But lots of kids at the Burke are old for their grade, said 18-year-old Burke student Chris Cruz, who was friendly with the woman. And Daneilla, who took freshman math and history classes with Lamons, said she had been held back. According to multiple students, Daneilla claimed she was an immigrant from Colombia, and she seemed to struggle in reading and writing.

“She did say that she does speak Spanish, but I never heard her speak Spanish,” Lamons recalled.

At school, the woman was known for having emotional outbursts in the hallways or in the classrooms, particularly, Lamons said, when teachers pressed her to show more effort. She would also complain about her “controlling” foster mother, Lamons said. Another student who took sheltered English immersion with her also recalled her talking on the phone with her “mom” often.

“The way I looked at it, she was going through a lot at once,” said Price, who tried to comfort her once while she was crying by the lockers.

The woman attended the Burke for months, students said. She later joined the girls’ basketball team, choosing the jersey No. 32, according to her former teammates, Zahkia Warren, 17, and Janice Mendes, 18. An older man they assumed was her foster dad would go to their games to watch her play. On media day, when the team was photographed, the woman stood off to the side by the coach; she said her foster parents wouldn’t allow her to be in the pictures.


“We all want to know why ... somebody that old would choose to go back to high school to do the work,” said Mendes, who, along with Warren, graduated earlier this month, “[when] we’re trying to get out of it.”

They said the last time they saw Daneilla was at the end of basketball season this spring.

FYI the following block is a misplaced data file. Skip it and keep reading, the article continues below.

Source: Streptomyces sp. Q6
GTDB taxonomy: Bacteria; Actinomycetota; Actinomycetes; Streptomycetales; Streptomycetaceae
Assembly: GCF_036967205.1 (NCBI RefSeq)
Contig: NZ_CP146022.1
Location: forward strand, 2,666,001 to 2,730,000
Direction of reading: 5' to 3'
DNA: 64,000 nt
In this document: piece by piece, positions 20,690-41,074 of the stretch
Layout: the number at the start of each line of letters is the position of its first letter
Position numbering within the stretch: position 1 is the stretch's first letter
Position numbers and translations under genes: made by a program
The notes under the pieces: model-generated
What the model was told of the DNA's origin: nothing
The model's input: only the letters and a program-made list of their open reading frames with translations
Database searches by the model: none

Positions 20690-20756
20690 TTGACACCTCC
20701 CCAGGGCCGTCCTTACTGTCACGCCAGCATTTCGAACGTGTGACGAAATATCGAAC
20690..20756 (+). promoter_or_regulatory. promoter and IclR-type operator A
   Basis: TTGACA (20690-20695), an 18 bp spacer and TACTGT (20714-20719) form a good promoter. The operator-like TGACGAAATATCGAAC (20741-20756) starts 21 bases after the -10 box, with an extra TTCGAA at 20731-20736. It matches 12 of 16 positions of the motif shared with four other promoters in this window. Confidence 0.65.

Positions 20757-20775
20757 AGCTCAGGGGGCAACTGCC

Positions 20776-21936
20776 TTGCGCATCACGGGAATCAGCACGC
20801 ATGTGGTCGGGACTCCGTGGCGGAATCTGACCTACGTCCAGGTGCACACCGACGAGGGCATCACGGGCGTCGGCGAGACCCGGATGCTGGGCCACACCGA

When they heard Daneilla was an adult woman posing as a teenager, her former teammates were shocked and unsettled.

“We all used to change in the locker rooms,” Warren said. “It’s disturbing to know that.”

School officials have not identified any cases where students or staff were harmed in connection with the woman’s enrollment. A Boston police spokesperson said the investigation remains active. No charges have been filed, and on Wednesday, a search warrant associated with the case was impounded, meaning the public doesn’t have access to it.

“I just can’t wrap my mind around it,” said Robin Williams, Lamons’s mother. “She’s a grown woman and she’s friends with kids Janell’s age. … And she’s taking a seat from a child that should be there.”

A “human trafficking” box is checked off on the initial police incident report, but officials have not indicated they have evidence supporting that motive — or any other.

Beyond any other actions she took while posing as a student, the woman could be charged with forgery and identity theft — potentially multiple counts for enrolling under multiple names. She could face several years in prison, said Patrick Murphy, a Boston criminal defense attorney not associated with the case.


According to the police report, staff at English High School called the police on Wednesday after noticing issues with the impersonator’s paperwork: a Department of Children and Families form misspelled the department name, listed the wrong phone number, and named a DCF social worker who does not exist.

Lamons left the Burke in November to attend another school, but she never forgot her friend Daneilla. Now she feels betrayed.

“I believed Daneilla,” she said. “From the first day, I just gave her a shot.”

Sean Cotter of the Globe staff contributed to this report.

Deanna Pan can be reached at deanna.pan@globe.com. Follow her @DDpan. Christopher Huffaker can be reached at christopher.huffaker@globe.com. Follow him @huffakingit.